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Triple Threat

Tackling franchising in the sports tournament field.
October 1, 1998
URL: http://www.entrepreneur.com/article/16628

Dave King, president and CEO of Fort Collins, Colorado's Triple Crown Sports Inc., admits his company had selfish beginnings. From 1982 to 1987, Dave and his wife, Annette, both 42, ran a series of softball tournaments in Colorado. Working full time for an insurance company at the time, Dave had no long-term vision for the series.

But in 1987, Dave quit his job in favor of making sports a full-time business. Ten years later, the Kings decided to franchise their amateur sports marketing and production business.

Today, Triple Crown Sports has three franchisees, one each in Nevada, Utah and Colorado, and 10 company-owned units nationwide. As for filling in the 200 available units across the United States, the company is looking for entrepreneurs who have "been in the corporate environment, don't mind the chaos of large events and groups, and have no fear of long hours outdoors," says Dave.

Franchisees produce and manage weekend tournaments, camps and clinics. Most business is conducted via telephone and mail so it's easily run from home.

Franchisees can choose from girls' fast pitch, adult slow pitch, boys' baseball, inline hockey and soccer. The Kings hope to add basketball, flag football and youth tackle football next season.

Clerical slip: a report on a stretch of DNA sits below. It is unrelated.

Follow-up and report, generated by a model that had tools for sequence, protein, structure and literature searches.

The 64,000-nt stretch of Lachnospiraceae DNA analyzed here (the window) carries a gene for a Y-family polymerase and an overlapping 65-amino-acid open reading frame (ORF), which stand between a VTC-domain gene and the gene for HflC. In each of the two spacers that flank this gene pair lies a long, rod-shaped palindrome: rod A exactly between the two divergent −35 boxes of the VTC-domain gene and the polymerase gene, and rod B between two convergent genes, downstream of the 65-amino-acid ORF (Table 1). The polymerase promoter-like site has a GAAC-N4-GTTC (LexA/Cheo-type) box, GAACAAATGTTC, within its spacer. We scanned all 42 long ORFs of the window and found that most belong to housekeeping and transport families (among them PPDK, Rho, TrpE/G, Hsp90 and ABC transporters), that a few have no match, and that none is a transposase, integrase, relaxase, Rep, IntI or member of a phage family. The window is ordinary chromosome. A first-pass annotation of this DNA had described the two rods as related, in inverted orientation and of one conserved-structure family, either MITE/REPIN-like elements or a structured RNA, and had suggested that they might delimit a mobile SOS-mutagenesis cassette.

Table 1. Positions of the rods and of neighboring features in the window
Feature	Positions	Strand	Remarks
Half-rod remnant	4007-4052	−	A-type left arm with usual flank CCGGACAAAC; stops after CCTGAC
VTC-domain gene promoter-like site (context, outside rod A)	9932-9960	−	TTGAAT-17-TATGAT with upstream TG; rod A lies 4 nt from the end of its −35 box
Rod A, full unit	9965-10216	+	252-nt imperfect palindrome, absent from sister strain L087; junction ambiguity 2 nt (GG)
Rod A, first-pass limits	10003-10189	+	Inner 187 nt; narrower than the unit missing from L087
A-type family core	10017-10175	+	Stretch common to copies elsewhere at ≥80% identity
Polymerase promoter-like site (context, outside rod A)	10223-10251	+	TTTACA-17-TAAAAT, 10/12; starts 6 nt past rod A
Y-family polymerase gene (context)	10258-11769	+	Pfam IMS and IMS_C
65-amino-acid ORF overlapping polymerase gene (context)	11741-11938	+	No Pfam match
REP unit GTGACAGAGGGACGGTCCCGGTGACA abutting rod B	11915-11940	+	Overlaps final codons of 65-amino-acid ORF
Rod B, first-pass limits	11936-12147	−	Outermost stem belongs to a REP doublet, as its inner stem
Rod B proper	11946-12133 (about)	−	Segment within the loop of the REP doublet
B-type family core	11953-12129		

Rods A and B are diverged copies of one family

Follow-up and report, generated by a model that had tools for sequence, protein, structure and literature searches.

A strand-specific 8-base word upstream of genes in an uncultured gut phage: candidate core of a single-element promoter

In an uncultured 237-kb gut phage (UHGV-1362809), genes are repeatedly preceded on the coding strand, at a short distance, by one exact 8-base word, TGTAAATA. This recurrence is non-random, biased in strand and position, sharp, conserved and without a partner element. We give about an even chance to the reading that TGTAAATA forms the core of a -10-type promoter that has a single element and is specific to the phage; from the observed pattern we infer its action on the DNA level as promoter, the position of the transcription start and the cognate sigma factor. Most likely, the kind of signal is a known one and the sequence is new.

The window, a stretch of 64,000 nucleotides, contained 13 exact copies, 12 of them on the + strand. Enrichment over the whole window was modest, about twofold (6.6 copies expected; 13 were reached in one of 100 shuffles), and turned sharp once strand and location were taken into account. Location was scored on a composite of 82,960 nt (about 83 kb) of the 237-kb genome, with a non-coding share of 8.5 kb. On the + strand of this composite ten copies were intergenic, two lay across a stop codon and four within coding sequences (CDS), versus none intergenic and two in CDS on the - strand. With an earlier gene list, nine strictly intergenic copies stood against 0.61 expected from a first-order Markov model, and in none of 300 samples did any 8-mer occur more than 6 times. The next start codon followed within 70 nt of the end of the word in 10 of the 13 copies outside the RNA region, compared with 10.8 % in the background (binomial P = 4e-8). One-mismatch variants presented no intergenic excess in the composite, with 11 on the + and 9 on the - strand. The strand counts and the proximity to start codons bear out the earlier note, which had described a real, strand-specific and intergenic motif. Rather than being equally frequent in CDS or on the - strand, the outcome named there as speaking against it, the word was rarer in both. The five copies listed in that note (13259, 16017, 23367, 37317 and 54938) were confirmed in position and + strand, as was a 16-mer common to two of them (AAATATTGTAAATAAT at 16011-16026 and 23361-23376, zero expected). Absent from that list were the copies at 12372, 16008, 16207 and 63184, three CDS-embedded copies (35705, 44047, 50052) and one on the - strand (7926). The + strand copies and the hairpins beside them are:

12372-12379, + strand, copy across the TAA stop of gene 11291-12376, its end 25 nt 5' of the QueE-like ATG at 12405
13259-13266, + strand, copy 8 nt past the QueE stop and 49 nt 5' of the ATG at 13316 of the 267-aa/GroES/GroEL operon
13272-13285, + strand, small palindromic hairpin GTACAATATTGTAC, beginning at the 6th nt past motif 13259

Snack Stand

Veteran franchisor spices up its menu.

Since first seeking snack stardom in 1976 with its Everything Yogurt concept, Restaurant Systems International Inc. has added a bevy of delectable offerings to tempt both hungry customers and ambitious franchisees.

Change has been key for the New York City franchise company: In 1995, the then-19-year-old Everything Yogurt Inc. altered its identity with a new name, a necessity because yogurt was no longer "everything." Greenleaf's Grille and Treat Street, two new prototypes, are umbrella concepts under which the company's other brands will fall. Greenleaf's Grille's menu offers healthy tantalizers like freshly prepared grilled sandwiches, wraps and salads. Treat Street houses Gretel's Pretzels, Bananas and Everything Yogurt Express. Through mid-1999, expect new additions to Treat Street's menu: Muffins, cookies, gourmet coffee and a private-label Treat Street ice cream are in the works.

April's debut of the company-owned Greenleaf's Grille and Treat Street in New York City's Staten Island Mall saw a 40 percent revenue increase since last year, when Everything Yogurt & Salad Café and Bananas inhabited the space. President Tom Romano understands why: "Now you can be as imaginative as you choose and eat as healthy as you want," he says.

Romano says the success of these prototypes and the strength of their menu offerings have unleashed numerous possibilities. The company can now bring Greenleaf's Grille and Treat Street to strip malls and downtown locations, plus regional malls and airports. In addition to location-specific franchises, the company will offer franchisees master and multiunit franchise options in addition to existing single-unit deals.

What's New

Contact Sources

Miami Subs Corp., (954) 973-0000, fax: (954) 975-3290

Restaurant Systems International Inc., (718) 494-8888, fax: (718) 494-8776

Triple Crown Sports Inc., (970) 223-6644, ext. 124, fax: (970) 223-3636